Council supports smoking ban, trustees to vote May 23

Council supports smoking ban, trustees to vote May 23

08 11:11:14

Erick Pirayesh, News Editor

After a month of heavy debate, the College Planning Council voted in favor of a proposal to ban all smoking on campus.

This 13-3 vote on Tuesday came after the Academic Senate and the Associated Student Senate also voted to support the proposal. The student senate’s was a split decision, the first in the last three years, and  Student Senate President Geneva Sherman broke with her “yes” vote .

The final decision will now go to the Board of Trustees, who will vote on the proposal at its May 23 meeting. If approved, the campus would be completely smoke-free when students return in the fall semester.

“I think that this is a progressive policy, and it’s one that sets us in a leadership role among academic institutions,” said Library Director Kenley Neufeld.

“This is just good policy. It’s a good direction for our society. It’s a good direction for our campus. It’s a good direction for our employees, and most especially it’s a good direction for our students.”

Some councilors voiced concern with how to enforce the smoking ban. Liz Auchincloss, president of the Classified Staff Employees Association, voted against the ban and  suggested an alternative solution.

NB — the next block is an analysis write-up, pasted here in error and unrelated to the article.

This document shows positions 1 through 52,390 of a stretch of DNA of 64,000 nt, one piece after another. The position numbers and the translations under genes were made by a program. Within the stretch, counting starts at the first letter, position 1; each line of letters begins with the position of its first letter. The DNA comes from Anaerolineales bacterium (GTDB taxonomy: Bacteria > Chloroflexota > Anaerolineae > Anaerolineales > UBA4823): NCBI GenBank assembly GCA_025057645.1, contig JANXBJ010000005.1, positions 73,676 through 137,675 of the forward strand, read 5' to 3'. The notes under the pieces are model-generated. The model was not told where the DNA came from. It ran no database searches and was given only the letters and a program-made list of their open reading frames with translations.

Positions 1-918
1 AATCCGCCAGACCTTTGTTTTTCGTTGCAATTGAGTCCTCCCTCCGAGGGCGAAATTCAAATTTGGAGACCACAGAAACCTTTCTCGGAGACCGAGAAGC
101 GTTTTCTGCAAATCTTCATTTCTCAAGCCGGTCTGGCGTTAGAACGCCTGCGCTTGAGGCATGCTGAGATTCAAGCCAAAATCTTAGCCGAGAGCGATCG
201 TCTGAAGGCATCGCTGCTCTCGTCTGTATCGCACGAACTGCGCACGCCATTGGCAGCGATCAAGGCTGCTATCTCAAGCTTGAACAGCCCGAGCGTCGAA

“We should just move the smoking areas to some place that isn’t right in the traffic patterns,” she said. “Not to have any places… I think is kind of hard.”

Academic Senator Kathy O’Connor said she would like to see the security department come up with a friendly approach for potential smokers that would help ease the transition to a completely smoke-free campus.

“I think there’s a way we can actually do it in an educational framework that’s non-threatening, and I think people will eventually comply,” O’Connor said. “I don’t think non-enforcement is a reason to not pass something that is a positive policy.”

The council has also vowed to increase awareness about the college’s Tobacco Cessation program offered in Health Services that helps students who are trying to quit smoking or chewing.

Joe Sullivan, vice president of business services, pointed out that all Universities of California and California State campuses will be going smoke-free by 2014.  City College can prepare prospective transfer students with this smoking ban, he said.

“We have to give it a try,”  Sullivan said. “It’s kind of the wave of the future.”

The four designated smoking areas have been a part of campus for the past nine years. Smokers would only be allowed to smoke off-campus or in their cars if the board passes the proposal.

Superintendent-President Dr. Lori Gaskin said she is extremely supportive of the smoking ban and was excited to see the council support it.

“We’re sensitive to the notion of educating the whole student,” she said after the meeting. “… If we’re not a champion of that as an academic institution then I think were falling short of our responsibility.”

“Frankly, I’m delighted.”